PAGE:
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Side 186 - Such an event would alone have removed, and will at any time remove, all obstacles in the way of negotiation or peace. It would confirm to France the unmolested enjoyment of its ancient territory ; and it would give to all the other nations of Europe, in tranquillity and peace, that security which they are now compelled to seek by other means.
Side 193 - ... sinking fund for the reduction of the principal of the debt incurred in either kingdom before the union, shall continue to be separately defrayed by Great Britain and Ireland respectively.
Side 490 - This liberty rightly understood, consists in the power of doing whatever the laws permit ;° which is only to be effected by a general conformity of all orders and degrees to those equitable rules of action, by which the meanest individual is protected from the insults and oppression of the greatest.
Side 144 - ... posterity with infamy for obeying a command when their submission became an act of necessity, since the whole army did not mutiny against the execution ; therefore to establish further the authenticity of the relation, this only can be mentioned, that it was Bonn's division which fired, and thus every one is afforded the opportunity of satisfying themselves respecting the truth, by enquiring of officers serving in the different brigades composing this division.
Side 224 - To your patriotism, gentlemen, has been confided the honorable duty of guarding the public interests; and while the past is to your country a sure pledge that it will be faithfully discharged, permit me to assure you that your labors to promote the general happiness will receive from me the most zealous cooperation.
Side 280 - It is a pleasure to stand upon the shore and to see ships tossed upon the sea; a pleasure to stand in the window of a castle and to see a battle and the adventures thereof below; but no pleasure is comparable to the standing upon the vantage ground of truth (a hill not to be commanded, and where the air is always clear and serene), and to see the errors and wanderings and mists and tempests in the vale below; so always that this prospect be with pity, and not with swelling or pride.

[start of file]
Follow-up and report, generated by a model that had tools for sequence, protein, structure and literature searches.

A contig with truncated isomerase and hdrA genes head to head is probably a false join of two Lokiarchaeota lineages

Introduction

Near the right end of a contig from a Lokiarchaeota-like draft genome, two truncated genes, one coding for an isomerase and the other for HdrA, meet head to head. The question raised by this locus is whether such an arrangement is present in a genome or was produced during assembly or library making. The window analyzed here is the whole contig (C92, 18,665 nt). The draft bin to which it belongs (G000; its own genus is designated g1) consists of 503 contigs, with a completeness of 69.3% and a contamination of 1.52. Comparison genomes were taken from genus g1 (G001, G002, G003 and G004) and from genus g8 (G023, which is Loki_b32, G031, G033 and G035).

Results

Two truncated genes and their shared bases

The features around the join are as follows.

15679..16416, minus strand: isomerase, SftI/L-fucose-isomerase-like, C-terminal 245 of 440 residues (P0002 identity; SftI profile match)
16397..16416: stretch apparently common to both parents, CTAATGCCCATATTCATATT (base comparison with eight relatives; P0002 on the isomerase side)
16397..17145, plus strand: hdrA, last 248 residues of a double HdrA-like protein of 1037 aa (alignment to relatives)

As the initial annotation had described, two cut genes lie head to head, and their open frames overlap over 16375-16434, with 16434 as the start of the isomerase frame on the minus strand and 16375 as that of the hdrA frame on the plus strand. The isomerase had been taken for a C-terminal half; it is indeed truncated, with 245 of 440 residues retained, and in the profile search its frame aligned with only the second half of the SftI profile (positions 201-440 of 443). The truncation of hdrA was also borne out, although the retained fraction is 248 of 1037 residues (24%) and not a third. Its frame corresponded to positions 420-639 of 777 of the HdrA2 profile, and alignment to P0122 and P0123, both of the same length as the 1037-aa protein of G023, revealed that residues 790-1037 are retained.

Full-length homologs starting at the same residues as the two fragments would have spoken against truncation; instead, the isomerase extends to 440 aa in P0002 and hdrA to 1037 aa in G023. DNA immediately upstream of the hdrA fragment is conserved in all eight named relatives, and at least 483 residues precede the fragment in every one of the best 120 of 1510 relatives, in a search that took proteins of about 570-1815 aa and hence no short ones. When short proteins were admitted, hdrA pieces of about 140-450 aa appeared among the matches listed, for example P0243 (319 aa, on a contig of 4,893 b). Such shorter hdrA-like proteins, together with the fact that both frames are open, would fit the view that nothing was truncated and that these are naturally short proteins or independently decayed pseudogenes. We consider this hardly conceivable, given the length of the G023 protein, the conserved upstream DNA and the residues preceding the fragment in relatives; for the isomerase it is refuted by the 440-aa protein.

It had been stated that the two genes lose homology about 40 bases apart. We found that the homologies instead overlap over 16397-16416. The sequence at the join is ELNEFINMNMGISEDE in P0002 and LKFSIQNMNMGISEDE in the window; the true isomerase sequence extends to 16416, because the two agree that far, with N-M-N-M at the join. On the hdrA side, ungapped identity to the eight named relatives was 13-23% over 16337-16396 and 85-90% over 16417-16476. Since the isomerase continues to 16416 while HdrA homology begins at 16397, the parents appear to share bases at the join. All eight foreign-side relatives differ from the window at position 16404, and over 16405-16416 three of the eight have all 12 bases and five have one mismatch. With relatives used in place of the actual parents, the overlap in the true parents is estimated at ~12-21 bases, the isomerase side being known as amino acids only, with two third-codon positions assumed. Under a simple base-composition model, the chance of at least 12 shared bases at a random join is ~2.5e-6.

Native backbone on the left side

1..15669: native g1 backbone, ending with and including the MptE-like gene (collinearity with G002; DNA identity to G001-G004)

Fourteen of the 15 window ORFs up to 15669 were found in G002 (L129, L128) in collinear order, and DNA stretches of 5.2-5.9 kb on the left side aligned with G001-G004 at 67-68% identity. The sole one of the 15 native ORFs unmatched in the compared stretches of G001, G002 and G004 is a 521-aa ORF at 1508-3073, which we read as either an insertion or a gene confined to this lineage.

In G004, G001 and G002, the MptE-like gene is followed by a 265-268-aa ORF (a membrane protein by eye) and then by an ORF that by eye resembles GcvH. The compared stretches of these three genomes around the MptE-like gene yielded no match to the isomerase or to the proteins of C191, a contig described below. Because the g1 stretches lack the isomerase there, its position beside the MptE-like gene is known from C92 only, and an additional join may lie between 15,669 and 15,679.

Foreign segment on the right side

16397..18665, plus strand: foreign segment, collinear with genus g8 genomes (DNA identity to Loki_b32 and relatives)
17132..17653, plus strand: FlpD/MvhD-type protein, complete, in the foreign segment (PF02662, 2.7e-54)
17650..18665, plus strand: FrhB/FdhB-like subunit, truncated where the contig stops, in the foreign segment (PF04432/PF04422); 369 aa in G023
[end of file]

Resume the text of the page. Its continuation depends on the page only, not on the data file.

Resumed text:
Side 186 - In this situation it can for the present only remain for His Majesty to pursue, in conjunction with other powers, those exertions of just and defensive war, which his regard to the happiness of his subjects will never permit him either to continue beyond the necessity in which they originated, or to terminate on any other grounds, than such as may best contribute to the secure enjoyment of their tranquillity, their constitution, and their independence (Signed) GRENVILLE.
Side 290 - for the purchase of the Museum, or Collection of Sir Hans Sloane, and of the Harleian Collection of Manuscripts ; and for providing one General Repository for the better reception and more convenient use of the said collections ; and of the Cottonian Library, and of the additions thereto.
Side 427 - As the leech, the suckling calf, and the bee, take their natural food by little and little, thus must a king draw from his dominions an annual revenue. 130. Of cattle, of gems, of gold and silver, added each year to the capital stock, a fiftieth part may be taken by the king ; of grain, an eighth part, a sixth, or a twelfth, according to the difference of the soil, and the labour necessary to cultivate it.
Side 241 - ... of the countries at war, which " should have been acquired by the subjects of the neutral power, and should be transported for " their account, which merchandise cannot be expected in any case from the freedom granted to

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